Arts & Entertainment

Olean Summer Performing Arts Camps Incorporate Nature and Technology

Oak Hill Park Credits: City of Olean
Oak Hill Park Credits: City of Olean

OLEAN, NY – As Shakespeare wrote: “All the world's a stage.”

Thus, the City of Olean's Youth Bureau and Recreation Department has set its Summer Arts Program, “Arts and Science Through Theatre,” in Oak Hill Park and designated the Washington Street Theatre across the street as its rain site.

The program, scheduled for weekday afternoons from 1 to 3, begins July 5 and ends Aug. 4. Children attending do not have to sign up beforehand nor will they be required to attend on a regular basis.

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“We normally end up with about 60 or 70 that come on and off during the summer,”  program co-director McKenzie Forrest said. “Some will come for just a day or two, some come for the whole time and some come just for a week.”

Participants will learn how to use a compass, will do a treasure and scavenger hunt in the park, make volcano and lava lamps and puppets and mummies and perform karaoke and dance. They will also do a little play in the park, practice with scripts and learn about lighting and sound systems.

Week by week, according to Forrest, campers will have the advantage of following set topics.

The first week they will focus on getting-to-know-you activities. Next will come science, theater, history, art and more. Forrest noted this program change from previous years allows participants to “come and go and still get the full experience.” In the past, she added, they bounced from topic to topic.

The Summer Arts Program expects an increase in participants this summer because the William O. Smith Recreation Center’s pool is closed for renovations. Swimming had been a big summer activity for Olean youths, Forrest said.

“We have similar activities as the STAR Program, such as science, arts, engineering, technology and math and we tend to get some of the same kids, but they are two different programs,” Forrest, who runs the Summer Arts Program with Paul Wenke, noted.

The STAR Program begins July 10  and, like the Summer Arts Program, ends Aug. 4. Both programs provide participants free lunch at noon. Unlike Summer Arts, STAR asks its participants to miss as few sessions as possible since the end result will be an Aug. 4, 7 p.m., performance of the Emmy Award-winning “School House Rock Live!”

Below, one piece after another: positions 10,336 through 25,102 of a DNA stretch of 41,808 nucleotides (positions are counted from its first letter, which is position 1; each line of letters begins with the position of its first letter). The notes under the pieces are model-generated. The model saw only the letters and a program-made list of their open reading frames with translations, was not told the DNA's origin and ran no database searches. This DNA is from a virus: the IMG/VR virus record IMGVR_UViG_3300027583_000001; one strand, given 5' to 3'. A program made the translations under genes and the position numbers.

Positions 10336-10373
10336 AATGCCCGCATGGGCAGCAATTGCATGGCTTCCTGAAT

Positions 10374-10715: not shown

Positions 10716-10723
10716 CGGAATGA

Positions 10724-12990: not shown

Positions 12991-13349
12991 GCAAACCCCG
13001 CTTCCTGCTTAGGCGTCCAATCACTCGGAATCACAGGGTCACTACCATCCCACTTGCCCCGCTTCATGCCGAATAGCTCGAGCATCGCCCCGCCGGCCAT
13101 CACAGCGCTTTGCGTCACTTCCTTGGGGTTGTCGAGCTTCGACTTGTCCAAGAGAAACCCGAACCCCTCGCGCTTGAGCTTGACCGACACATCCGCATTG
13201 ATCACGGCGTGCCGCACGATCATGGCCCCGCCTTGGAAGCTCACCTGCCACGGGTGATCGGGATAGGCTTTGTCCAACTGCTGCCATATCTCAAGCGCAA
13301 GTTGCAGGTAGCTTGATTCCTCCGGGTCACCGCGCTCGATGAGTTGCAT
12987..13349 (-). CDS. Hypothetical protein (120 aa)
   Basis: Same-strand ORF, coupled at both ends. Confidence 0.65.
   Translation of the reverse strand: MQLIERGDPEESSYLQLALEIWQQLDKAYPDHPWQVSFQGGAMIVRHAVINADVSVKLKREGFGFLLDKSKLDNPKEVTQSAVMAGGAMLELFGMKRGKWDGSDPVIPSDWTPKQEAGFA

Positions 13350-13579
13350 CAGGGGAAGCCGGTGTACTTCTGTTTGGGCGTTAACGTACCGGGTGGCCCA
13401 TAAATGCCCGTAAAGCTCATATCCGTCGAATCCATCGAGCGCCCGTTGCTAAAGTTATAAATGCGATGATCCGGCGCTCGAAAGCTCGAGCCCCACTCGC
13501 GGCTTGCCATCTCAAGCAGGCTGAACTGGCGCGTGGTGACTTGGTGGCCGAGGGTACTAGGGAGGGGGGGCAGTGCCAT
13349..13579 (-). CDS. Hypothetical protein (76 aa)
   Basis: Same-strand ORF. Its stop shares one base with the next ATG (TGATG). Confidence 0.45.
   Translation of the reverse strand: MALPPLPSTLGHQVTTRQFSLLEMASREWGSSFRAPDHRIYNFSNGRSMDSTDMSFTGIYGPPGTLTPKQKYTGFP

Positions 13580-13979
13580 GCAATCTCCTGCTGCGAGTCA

STAR, scheduled for 9 a.m. until noon Mondays through Fridays at Olean High School, is open to children in grades pre-K through 8. Participants will be divided by grade levels. For instance, the children who are in pre-K, in kindergarten and grade 1 are grouped together for activities such as art lessons and rhythm band. 

Participants in grades 2 to 4 will have rotations of eight activities throughout the summer -- including swimming and smart brains games that focus on food and nutrition.

And participants in grades 5 and above get to chose two classes daily -- and choices range from poetry and visual art to sewing to dancing to videography to synchronized swimming.

Among STAR guest instructors will be engineers from local industries teaching robots and editors from the Olean Times Herald teaching newspaper writing. Officials from the Cattaraugus County Health Department will come in to teach about nutrition and creating healthy meals, proper washing of hands and safe handling of food.

Independent reading also will be an important component of the STAR Program. Every day, the students will get the chance to do some reading and to write their names and the names of books they have completed on adding machine tape across the front of the high school stage.

“The idea is, at the end, we should have a mile’s worth of books that the kids have read,” Nick Patrone, longtime STAR program director, said.

Patrone and other STAR program faculty will assign participants to roles in "School House Rock Live!"  rather than having them audition. Then the faculty  will work with every child, taking their skill sets into consideration.

“The children also help create the sets used in the production,” Patrone said. “The art department creates all the pieces for the production, and then the older children do the art work, paint sets and do all the graphics.”

This will be the third summer Julia Rakus, a rising senior at Olean High School, will be working behind the scenes with the stage crew to help with the production. When she is not working backstage during the period of the day dedicated to stage, she will help teach the students the music and songs that they will be performing and will work with them on blocking, choreography and acting.

“I have very fond memories of being one of the little kids running around on the stage being instructed and now it’s kind of funny to be in the opposite role and being the one helping and instructing,” Rakus said.

This year, the STAR Program expects an increase over the  218 children who participated last year  because the Olean Area YCMA is planning to bring part of its summer program into STAR.

Further information may be obtained on the STAR Program by calling (716) 375-8031 and on the Summer Arts Program by calling the recreation department at (716) 376-5698. 



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